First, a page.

Quantitative Imaging (All Participants)

Liver iron concentration.

LIC values calculated using the method of Gandon showed excellent correlation with T2* measurements (rho = 0.85, p<0.01). LIC was elevated (>60±30 µmol/g with the Gandon method) in four GD patients of whom 3 were splenectomized. There were no significant differences between non-Sx GD and Sx GD patients, or between non-Sx and controls (Figure 3 A, Table 3). Reconstruction of T2* anatomical maps of the liver (Figure 4) visualizes distinct differences in LIC between participants.

Figure 3. Comparison of quantitative imaging results and distribution of HFE mutations.

Solid black horizontal lines represent median values. Presence and distribution of HFE mutations in GD patients are shown in red and green. (A) MR-liver iron concentration (Gandon). Dashed line represents upper limit of normal (60 µmol/g). Median (range) in µmol/g: controls (n = 7) 30 (5–66); non-Sx GD (n = 7) 35 (20–90); Sx GD (n = 7) 35 (10–250). (B) Transient elastography results. Dashed line represents cutoff value for the presence of substantial liver fibrosis (Metavir ≥ F2). Median (range) in kPa: controls (n = 7) 4.9 (3.9–5.9); non-Sx GD (n = 7) 4.8 (3.4–7.2); Sx GD (n = 7) 8.8 (3.5–16.0). (C) MR elastography results. Median (range) in kPa: controls (n = 7) 1.69 (1.53–1.84); non-Sx GD (n = 7) 1.47 (1.32–2.03); Sx GD (n = 4) 2.32 (2.12–2.42).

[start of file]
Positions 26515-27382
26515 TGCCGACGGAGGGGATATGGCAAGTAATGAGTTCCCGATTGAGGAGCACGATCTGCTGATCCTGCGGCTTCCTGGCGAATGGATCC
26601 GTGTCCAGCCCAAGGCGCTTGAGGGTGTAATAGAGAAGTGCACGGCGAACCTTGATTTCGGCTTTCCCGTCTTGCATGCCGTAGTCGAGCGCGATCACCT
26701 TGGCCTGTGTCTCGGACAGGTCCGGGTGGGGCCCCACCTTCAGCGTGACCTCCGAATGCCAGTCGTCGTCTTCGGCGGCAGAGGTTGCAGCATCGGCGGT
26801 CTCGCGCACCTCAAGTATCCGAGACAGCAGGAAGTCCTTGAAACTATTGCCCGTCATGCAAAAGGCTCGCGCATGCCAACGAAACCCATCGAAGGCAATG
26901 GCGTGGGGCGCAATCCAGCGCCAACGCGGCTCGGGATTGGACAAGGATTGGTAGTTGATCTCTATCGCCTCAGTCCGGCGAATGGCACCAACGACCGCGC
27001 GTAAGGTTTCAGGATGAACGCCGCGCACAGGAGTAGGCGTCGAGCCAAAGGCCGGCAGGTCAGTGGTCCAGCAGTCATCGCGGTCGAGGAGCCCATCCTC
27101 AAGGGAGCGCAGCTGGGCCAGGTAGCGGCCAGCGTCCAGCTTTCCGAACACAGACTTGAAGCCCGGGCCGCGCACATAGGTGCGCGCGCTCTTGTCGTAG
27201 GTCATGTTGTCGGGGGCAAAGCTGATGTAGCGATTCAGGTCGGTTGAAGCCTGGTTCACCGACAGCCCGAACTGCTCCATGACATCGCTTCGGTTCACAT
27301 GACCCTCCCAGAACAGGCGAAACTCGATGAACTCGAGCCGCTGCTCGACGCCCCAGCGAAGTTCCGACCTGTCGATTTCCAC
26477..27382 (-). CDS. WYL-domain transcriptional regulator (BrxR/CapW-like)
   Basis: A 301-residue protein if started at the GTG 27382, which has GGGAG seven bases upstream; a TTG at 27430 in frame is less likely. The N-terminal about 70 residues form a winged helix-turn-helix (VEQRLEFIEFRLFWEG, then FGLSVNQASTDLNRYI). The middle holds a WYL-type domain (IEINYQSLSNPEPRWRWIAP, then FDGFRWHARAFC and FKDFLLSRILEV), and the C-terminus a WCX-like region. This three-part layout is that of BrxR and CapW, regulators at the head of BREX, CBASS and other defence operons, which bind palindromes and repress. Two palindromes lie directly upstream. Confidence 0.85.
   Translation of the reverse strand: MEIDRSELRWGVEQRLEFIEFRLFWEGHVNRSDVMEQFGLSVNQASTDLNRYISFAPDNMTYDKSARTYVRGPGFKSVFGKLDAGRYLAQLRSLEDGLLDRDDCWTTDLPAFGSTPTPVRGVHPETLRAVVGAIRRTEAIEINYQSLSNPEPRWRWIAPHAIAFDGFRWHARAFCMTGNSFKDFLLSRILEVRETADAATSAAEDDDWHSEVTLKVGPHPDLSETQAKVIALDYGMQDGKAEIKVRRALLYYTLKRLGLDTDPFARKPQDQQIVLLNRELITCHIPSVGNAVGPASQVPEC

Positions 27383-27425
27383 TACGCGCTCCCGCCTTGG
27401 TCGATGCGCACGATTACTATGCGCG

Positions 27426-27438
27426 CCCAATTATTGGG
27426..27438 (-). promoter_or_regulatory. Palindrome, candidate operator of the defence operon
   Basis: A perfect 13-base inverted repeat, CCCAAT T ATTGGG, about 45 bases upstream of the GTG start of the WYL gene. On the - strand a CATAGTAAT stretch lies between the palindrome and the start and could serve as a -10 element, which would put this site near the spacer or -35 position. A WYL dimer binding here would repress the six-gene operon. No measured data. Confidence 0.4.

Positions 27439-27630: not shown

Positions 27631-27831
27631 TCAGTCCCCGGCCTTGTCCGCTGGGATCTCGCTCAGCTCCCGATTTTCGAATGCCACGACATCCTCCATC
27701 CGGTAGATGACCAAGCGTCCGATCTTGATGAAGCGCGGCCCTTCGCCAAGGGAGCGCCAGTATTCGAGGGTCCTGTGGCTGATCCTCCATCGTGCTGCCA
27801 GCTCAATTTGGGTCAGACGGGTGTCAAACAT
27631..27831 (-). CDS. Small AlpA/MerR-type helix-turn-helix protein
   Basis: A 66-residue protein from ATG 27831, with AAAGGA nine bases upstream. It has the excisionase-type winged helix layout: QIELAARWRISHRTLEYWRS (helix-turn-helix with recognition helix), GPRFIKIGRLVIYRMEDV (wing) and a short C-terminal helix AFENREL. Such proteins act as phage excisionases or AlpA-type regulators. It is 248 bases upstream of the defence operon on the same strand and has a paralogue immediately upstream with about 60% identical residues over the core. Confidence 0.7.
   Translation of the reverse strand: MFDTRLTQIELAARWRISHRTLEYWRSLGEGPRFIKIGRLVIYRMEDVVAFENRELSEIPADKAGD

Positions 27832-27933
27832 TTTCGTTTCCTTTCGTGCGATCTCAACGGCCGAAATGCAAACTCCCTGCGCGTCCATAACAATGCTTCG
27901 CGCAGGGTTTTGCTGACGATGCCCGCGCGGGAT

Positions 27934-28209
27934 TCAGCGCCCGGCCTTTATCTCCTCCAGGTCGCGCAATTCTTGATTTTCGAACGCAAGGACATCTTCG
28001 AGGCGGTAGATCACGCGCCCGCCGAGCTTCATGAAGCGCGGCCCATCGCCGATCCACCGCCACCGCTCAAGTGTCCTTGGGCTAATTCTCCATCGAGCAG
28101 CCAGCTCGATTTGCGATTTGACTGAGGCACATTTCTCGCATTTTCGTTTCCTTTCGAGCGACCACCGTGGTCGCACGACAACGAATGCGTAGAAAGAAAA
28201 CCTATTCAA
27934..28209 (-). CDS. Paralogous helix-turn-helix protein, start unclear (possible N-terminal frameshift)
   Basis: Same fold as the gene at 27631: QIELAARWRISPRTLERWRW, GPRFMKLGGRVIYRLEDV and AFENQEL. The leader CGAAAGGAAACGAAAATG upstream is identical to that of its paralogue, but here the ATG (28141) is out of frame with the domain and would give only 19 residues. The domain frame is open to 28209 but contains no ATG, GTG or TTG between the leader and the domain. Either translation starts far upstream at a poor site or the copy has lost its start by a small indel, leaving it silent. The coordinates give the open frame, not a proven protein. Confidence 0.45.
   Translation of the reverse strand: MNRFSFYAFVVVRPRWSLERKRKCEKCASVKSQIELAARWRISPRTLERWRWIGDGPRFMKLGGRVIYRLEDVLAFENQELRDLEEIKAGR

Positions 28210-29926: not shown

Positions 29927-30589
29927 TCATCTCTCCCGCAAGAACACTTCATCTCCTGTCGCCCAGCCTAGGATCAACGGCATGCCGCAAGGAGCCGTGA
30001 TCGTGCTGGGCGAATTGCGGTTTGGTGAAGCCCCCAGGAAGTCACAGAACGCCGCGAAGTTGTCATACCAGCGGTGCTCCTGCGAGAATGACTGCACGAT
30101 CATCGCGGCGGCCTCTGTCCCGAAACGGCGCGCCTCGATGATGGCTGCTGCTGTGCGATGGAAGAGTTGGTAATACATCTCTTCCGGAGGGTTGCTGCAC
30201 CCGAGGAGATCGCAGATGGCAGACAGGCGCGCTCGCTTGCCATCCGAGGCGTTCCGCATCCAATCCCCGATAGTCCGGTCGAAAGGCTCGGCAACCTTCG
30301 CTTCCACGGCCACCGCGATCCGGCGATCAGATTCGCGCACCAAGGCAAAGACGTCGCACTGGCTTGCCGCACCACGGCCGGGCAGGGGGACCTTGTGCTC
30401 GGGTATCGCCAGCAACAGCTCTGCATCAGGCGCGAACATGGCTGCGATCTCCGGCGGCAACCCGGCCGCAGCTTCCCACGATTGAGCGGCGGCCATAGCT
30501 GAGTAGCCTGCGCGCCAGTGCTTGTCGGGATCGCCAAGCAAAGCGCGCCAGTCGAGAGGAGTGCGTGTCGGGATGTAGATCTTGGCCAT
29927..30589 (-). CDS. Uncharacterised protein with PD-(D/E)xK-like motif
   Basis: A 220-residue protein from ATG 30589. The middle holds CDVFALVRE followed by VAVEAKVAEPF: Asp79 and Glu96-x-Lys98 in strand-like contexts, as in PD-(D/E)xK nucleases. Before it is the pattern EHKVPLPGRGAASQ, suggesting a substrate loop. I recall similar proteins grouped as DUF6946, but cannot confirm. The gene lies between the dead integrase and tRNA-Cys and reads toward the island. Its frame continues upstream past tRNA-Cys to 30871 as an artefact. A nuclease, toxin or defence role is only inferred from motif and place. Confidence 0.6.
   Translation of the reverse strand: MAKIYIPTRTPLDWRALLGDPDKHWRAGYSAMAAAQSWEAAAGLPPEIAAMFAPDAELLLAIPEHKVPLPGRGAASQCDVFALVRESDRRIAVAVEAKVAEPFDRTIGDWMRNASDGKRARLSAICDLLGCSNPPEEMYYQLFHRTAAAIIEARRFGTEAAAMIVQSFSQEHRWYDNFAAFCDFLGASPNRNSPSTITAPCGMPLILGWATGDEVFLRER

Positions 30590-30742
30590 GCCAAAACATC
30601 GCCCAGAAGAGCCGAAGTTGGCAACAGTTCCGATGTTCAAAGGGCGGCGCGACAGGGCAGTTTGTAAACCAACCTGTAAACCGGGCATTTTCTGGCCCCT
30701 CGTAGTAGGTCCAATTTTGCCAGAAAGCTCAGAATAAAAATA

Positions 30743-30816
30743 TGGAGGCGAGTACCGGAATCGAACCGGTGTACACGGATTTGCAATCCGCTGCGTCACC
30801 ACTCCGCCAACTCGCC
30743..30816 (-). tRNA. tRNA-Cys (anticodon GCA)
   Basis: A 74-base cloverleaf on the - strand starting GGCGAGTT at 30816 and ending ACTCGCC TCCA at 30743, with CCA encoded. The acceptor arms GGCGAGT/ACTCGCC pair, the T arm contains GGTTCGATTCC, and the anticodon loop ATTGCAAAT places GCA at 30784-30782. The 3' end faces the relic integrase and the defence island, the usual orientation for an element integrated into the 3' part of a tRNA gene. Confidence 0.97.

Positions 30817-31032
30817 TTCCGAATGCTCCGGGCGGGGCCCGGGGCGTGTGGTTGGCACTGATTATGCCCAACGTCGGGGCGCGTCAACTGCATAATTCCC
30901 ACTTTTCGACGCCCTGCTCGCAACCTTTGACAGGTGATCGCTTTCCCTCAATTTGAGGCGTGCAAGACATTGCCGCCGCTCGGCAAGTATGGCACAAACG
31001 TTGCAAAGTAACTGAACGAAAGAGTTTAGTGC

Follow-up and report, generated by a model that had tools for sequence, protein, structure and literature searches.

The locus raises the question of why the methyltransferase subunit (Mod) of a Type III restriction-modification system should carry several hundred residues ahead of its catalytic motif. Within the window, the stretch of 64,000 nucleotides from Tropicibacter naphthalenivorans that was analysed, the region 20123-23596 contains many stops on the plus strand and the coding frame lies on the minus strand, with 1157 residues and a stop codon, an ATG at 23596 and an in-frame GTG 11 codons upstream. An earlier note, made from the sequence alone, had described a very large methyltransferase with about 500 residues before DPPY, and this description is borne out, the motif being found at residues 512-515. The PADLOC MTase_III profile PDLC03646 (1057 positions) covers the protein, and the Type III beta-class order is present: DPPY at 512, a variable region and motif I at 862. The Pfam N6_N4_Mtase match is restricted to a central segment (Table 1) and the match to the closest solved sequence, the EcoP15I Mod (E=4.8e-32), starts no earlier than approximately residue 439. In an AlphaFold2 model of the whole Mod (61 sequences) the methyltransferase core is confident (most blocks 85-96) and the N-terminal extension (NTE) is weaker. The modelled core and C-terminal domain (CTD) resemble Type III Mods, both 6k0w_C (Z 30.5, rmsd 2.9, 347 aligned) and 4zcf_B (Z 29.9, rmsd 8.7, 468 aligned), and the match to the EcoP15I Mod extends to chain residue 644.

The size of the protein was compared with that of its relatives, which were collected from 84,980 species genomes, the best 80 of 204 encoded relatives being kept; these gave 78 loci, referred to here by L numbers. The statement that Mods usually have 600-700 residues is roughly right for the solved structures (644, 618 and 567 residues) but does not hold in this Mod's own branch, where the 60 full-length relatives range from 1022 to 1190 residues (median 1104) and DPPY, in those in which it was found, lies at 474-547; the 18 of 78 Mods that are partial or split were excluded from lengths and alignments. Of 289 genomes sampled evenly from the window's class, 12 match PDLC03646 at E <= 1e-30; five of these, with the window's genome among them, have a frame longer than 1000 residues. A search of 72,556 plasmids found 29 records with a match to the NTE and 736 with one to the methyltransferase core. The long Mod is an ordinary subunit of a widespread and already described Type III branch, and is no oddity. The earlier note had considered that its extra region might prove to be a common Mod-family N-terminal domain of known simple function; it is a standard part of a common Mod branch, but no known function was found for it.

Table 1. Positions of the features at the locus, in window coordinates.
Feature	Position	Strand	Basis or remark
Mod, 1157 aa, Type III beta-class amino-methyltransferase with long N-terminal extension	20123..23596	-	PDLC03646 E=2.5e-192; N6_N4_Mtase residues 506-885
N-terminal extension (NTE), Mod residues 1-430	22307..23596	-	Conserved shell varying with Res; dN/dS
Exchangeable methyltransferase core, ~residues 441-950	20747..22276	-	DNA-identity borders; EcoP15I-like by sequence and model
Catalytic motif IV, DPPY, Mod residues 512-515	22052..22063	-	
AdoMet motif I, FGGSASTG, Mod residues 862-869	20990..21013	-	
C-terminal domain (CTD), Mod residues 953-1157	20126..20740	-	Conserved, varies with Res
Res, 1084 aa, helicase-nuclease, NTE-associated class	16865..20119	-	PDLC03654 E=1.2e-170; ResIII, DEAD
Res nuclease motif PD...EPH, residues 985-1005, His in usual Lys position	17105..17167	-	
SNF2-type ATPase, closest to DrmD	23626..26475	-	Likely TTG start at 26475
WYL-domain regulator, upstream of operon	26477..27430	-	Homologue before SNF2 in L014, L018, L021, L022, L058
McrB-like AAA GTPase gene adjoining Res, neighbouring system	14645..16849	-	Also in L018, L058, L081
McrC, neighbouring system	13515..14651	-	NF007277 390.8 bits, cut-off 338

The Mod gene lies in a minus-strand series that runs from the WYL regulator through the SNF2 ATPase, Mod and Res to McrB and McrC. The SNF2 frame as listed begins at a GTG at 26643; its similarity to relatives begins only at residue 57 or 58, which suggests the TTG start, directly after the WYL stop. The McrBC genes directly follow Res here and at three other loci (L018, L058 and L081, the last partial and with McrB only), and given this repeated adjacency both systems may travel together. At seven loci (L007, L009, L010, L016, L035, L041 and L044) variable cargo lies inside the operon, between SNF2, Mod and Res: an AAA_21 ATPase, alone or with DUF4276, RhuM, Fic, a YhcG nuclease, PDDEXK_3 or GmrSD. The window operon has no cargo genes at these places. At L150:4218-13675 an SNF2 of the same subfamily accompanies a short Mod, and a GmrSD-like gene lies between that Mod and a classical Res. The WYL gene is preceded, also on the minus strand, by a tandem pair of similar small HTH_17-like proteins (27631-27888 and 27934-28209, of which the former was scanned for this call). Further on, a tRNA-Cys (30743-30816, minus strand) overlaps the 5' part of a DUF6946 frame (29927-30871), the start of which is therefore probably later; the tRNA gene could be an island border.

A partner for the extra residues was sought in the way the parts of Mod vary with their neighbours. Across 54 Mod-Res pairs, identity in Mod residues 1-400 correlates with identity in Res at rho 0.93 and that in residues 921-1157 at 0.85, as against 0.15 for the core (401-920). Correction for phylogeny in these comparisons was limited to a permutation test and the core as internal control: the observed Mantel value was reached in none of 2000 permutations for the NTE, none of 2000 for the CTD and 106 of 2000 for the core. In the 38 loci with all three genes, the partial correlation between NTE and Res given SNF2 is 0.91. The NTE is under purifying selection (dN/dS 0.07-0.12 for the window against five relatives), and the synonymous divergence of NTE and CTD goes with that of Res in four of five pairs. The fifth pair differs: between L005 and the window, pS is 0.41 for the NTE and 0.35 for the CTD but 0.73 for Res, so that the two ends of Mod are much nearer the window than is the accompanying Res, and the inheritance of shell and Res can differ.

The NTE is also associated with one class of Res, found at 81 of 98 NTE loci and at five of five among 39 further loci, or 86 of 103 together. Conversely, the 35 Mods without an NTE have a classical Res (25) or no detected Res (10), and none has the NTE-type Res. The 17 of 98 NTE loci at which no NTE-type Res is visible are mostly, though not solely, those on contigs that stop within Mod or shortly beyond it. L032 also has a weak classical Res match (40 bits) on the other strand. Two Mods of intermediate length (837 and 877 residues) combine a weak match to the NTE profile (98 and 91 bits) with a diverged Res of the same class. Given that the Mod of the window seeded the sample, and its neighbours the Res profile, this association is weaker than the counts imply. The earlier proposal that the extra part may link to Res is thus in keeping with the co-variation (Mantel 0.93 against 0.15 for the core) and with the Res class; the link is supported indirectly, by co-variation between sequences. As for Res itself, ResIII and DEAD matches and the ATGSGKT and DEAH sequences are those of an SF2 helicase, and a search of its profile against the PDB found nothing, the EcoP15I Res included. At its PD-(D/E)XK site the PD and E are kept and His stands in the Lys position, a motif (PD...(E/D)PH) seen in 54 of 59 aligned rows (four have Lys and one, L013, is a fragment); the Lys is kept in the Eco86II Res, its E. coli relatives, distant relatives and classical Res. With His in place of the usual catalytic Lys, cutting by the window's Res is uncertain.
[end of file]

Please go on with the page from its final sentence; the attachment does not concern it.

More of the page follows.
Figure 4. T2* maps of the liver.

(A) Healthy control with a normal liver T2* value of 26 ms (LIC-Gandon: 20±20 µmol/g). (B) Sx-GD patient with severe iron overload: T2* value in the liver is short: 3.2 ms; the corresponding LIC measured with the Gandon method was high: 250±50 µmol/g.

Transient Elastography.

TE measurements of both the anterior and posterior locations were difficult to perform, with very low success rates. Results are therefore only reported for the reference location. Of note is that TE results at the reference locations were poorly reliable according to the criteria by Boursier et al [35]: in two participants: one non-Sx GD patient (TE 7.2 kPa, IQR 35%) and one Sx GD patient (TE 16.0 kPa, IQR 64%). For the latter patient, liver cirrhosis was also confirmed histologically. Using a cutoff of 7.0 kPa for the presence of substantial fibrosis (stage F2 or higher) with TE, seven GD patients would be classified as having substantial fibrosis (1 non-Sx, 6 Sx), versus none of the healthy controls [43].